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IPv6 is Here; How Can We Ensure this Step Forward Meets Expectations?

When Upgrading to an IPv6-enabled Version of a Security Solution, Be Sure It Can Deliver the Same Effectiveness and Performance as IPv4 Versions. 

After years of discussion and planning, the transition to IPv6 is finally here, marked by World IPv6 Launch Day on June 6, 2012. Organized by the Internet Society, the day was designed to catalyze equipment and service providers around the world to permanently enable IPv6 for their offerings. While the rollout has only just begun, experts predict that within the next year 10-15% of data will be delivered using IPv6.

IPv6 Security SolutionsThe federal government has set milestones as well. By September 30, 2012 agencies are required to support IPv6 on their public-facing Web services and two years later on their internal, operational networks. Major government organizations that have come on line prior to the deadline include the Department of Veterans Affairs, the Environmental Protection Agency, the Defense Research and Engineering Network, Defense High Performance Computing, and the Space and Naval Warfare Systems Command.

To help facilitate the transition, U.S. federal government IPv6 (USGv6) test requirements are in place to help technology vendors demonstrate support for the government’s IPv6 networks and interoperability among all IT and networking components used to build, maintain and secure the IT infrastructure of federal agencies. A certification program is also available so that vendors can be added to the U.S. Department of Defense (DoD) Unified Capability Approved Products List (UC APL) for IPv6.

No one questions the need for the transition as IPv4 addresses are depleted. IPv6 provides more than 340 trillion, trillion, trillion addresses and will carry our global economy and critical infrastructure into the future—connecting billions of people and a wide range of next-generation smart devices, from thermostats that enable remote management to mobile communications devices that support emergency response with integrated real-time video, voice and data.

Yet as we transition to IPv6, whether you’re a business or government agency, you must take a critical look at the technologies you’re relying on to enable these advances and ensure IPv6 “certified” solutions can deliver the same level of effectiveness and performance as their previous IPv4 versions. In order for these updated technologies to meet expectations, consistency is critical.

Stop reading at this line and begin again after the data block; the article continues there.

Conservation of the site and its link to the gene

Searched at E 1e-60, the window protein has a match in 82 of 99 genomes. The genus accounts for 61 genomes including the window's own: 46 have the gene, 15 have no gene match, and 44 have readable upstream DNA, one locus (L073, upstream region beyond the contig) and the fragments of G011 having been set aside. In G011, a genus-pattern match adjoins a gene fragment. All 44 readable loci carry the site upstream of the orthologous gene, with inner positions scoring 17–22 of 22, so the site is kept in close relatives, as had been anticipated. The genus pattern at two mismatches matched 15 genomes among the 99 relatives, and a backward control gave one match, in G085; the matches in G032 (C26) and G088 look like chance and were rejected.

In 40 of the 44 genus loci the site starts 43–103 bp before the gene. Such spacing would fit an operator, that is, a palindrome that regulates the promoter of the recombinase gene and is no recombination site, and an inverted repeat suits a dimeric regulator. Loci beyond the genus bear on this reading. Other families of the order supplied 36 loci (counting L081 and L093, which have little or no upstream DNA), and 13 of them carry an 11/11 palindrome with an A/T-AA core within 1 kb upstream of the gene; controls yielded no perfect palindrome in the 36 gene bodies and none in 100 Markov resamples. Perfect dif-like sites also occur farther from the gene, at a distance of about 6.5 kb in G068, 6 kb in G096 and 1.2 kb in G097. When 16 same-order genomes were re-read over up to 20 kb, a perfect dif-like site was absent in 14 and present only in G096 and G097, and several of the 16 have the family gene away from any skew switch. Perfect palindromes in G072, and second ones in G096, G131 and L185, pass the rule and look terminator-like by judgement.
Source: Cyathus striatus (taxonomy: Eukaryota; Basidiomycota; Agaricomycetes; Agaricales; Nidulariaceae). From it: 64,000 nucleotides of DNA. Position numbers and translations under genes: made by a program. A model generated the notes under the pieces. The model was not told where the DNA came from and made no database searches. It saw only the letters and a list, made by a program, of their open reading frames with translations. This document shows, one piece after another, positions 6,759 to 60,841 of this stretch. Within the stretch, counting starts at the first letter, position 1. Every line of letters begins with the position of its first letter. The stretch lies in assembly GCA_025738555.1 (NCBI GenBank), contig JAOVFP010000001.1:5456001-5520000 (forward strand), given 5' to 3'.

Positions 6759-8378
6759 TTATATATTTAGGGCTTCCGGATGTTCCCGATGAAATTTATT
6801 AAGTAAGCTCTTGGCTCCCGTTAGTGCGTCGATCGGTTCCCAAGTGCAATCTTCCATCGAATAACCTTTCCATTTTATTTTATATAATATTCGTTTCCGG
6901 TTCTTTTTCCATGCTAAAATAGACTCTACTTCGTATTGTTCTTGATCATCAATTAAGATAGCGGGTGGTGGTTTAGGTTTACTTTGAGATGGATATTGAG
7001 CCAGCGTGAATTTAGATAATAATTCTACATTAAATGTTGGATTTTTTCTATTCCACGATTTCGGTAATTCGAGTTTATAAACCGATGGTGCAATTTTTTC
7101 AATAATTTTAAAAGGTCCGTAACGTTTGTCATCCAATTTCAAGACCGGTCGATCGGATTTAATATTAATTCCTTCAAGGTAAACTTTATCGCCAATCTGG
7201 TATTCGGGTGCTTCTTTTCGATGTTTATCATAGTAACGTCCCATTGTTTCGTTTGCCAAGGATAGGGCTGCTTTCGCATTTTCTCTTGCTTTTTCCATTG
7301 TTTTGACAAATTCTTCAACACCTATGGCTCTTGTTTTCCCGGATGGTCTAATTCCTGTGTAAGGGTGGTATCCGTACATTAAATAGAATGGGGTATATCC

Consistency is particularly important when it comes to technologies to help secure your IPv6 infrastructure. While you may be taking a step forward by upgrading to the IPv6-enabled version of a security solution, you can’t afford to take a step backwards in effectiveness or performance.

When it comes to security effectiveness look for solutions that:

• Demonstrate comparable effectiveness in identifying and blocking threats targeting IPv6 environments as those targeting IPv4 environments

• Enforce security policies around application and access control consistently across IPv4 and v6 traffic

• Recognize and protect a variety of tunneling mechanisms that enable IPv6 hosts and routers to communicate over IPv4 networks during this transition period when both protocols must be supported

As for performance, understand if the solution:

• Handles IPv6 traffic in the same manner as it handles IPv4 traffic; for example, accelerating IPv4 traffic but failing to apply similar acceleration technologies to v6 traffic can result in severe performance degradation

• Has demonstrated interoperability with existing IT security infrastructure according to US federal government test requirements and certifications

• Is designed to adapt to the incredibly large number of IPv6 addresses available to search for vulnerabilities and not become bogged down by the volume of data

IPv6 promises a world full of new devices, new networks and new security challenges. As infrastructure continues to grow and the pace and complexity of the threat environment accelerates, consistent security effectiveness and performance is critical. Organizations need to ensure that the IT security solutions they’ve trusted in an IPv4 world will continue to meet their expectations as they embrace IPv6 and the future it can enable.

Related ReadingIPv6 Security Challenges to Consider as 'World IPv6 Launch' Approaches

Related Reading: Is IPv6 Part of Your Risk Management Framework?

Related Reading: Why Everyone Needs to Care About IPv6

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Marc Solomon is Chief Marketing Officer at ThreatQuotient. He has a strong track record driving growth and building teams for fast growing security companies, resulting in several successful liquidity events. Prior to ThreatQuotient he served as VP of Security Marketing for Cisco following its $2.7 billion acquisition of Sourcefire. While at Sourcefire, Marc served as CMO and SVP of Products. He has also held leadership positions at Fiberlink MaaS360 (acquired by IBM), McAfee (acquired by Intel), Everdream (acquired by Dell), Deloitte Consulting and HP. Marc also serves as an Advisor to a number of technology companies, including Valtix.